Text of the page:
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7.3. The Radio Halo Coma C

A complete history of the Coma structure would not be complete without mentioning the radio-halo of Coma. In fact, theory and observations suggest that it is related to the subclustering in Coma.

Cluster radio-halos are very rare; Hanisch [64] searched for Coma-like radio-halos in 72 nearby Abell clusters and did not find any! So, Coma is rather exceptional in this respect (there are only ~ 10 cluster radio-halos known, see Feretti, these proceedings). Its radio-halo, Coma C, was first detected at 408 MHz by Large et al. [83], as an extended source of 45' size at the Coma centre. Willson showed that Coma C could not be produced by the integrated radiation from normal galaxies. Kim et al. [80] and Venturi et al. [146] found that Coma C extends to the SW, and Giovannini et al. [56] proposed the existence of a unique source extending from Coma C to 1253+274, passing through the SW group around NGC 4839 (see Section 7.1). Recently, Feretti et al. [43] measured a magnetic field associated with the cluster of ~ 8.5 µG, tangled on scales leq 1 kpc.

The theorists had trouble in explaining the energy source of Coma C (see, e.g., Tribble [139]). The radio-halo can be powered by relativistic electrons moving in a magnetic field. Cluster radio-galaxies can provide the relativistic electrons, but the strength of the magnetic field and the large extent of the radio-halo imply that the electrons must be re-accelerated far from their sources.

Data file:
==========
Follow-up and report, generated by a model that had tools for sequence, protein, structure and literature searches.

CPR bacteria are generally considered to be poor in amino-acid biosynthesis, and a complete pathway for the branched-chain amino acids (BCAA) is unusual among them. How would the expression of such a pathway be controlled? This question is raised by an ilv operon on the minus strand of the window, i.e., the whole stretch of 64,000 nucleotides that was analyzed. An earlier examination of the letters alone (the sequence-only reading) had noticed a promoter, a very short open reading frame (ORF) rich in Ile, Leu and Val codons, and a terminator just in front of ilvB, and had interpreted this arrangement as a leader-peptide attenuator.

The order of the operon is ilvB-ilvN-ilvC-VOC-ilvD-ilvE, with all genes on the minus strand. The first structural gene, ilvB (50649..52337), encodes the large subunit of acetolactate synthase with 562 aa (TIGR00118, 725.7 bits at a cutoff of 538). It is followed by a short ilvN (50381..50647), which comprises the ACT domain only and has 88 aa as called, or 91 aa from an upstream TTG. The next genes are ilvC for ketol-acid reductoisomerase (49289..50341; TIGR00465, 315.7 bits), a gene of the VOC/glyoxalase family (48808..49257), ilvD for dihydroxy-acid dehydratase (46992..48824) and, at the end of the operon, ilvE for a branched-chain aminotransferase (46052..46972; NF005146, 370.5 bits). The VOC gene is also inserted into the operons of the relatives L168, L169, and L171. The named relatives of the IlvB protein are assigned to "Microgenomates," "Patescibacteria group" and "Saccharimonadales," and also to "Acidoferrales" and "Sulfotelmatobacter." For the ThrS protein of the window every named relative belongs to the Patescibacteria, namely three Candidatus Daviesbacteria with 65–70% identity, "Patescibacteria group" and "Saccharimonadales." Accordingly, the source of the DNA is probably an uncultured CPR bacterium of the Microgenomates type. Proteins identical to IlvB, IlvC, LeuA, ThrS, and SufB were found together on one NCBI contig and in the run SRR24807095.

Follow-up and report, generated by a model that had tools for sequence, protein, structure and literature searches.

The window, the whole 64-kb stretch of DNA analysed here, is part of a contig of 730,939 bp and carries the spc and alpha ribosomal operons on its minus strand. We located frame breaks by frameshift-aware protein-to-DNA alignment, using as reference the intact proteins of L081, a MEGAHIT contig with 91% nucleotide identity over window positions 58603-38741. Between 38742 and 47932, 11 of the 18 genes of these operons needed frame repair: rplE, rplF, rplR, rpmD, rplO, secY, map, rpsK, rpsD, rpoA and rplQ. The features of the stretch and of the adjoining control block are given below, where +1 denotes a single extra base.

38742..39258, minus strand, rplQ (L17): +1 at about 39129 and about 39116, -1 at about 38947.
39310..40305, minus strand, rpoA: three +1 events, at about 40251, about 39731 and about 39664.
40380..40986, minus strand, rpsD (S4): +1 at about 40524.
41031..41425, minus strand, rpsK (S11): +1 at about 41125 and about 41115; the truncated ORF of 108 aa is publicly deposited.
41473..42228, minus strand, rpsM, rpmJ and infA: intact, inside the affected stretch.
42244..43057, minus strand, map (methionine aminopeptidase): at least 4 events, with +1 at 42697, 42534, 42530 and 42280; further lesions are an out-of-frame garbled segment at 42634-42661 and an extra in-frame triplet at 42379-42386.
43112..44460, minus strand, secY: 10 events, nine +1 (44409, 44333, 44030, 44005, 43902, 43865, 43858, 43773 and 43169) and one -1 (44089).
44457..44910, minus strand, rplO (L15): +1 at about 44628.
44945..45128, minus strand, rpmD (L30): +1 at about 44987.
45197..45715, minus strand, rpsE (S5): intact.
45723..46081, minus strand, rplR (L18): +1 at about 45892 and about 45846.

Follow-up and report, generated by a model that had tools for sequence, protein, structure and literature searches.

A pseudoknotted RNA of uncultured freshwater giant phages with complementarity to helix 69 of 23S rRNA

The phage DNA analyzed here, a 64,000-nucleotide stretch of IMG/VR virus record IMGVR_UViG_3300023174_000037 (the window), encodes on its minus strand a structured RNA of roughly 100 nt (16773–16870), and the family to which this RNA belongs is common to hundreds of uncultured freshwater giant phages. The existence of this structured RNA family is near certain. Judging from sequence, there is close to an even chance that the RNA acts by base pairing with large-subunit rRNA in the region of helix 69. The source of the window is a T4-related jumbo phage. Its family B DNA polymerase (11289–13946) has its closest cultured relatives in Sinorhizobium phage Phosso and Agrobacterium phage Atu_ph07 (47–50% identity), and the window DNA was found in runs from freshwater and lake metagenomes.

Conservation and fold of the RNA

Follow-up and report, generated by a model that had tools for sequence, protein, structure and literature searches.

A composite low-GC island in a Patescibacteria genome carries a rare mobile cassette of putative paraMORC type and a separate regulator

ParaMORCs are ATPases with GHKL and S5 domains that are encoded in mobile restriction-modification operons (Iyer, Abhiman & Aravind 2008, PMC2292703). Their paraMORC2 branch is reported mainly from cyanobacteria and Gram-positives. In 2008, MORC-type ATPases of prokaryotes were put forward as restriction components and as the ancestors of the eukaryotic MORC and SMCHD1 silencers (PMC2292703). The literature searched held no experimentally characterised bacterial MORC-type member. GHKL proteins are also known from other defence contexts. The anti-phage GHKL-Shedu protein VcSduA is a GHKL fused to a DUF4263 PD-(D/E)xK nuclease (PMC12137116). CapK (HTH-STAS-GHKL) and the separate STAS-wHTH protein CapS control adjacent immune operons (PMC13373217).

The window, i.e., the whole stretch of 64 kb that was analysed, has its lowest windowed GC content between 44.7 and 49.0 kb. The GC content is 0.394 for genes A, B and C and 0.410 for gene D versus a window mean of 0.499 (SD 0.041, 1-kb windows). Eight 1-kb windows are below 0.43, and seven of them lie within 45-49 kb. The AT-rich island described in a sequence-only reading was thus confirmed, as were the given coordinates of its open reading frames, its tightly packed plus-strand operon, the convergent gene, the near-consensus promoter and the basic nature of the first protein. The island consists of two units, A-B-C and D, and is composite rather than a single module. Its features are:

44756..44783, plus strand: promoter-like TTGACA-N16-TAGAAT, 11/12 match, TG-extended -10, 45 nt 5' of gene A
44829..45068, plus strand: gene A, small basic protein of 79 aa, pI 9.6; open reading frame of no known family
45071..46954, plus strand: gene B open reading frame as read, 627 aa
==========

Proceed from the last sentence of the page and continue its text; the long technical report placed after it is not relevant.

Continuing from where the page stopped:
In the currently best model, recent (~ 108 years) subcluster collisions provide the re-acceleration energy (see Tribble [140]). However, many clusters contain substructures, and only a few clusters contain radio-halos, so the situation is not so simple (see Feretti's contribution in these proceedings for a discussion on this topic).

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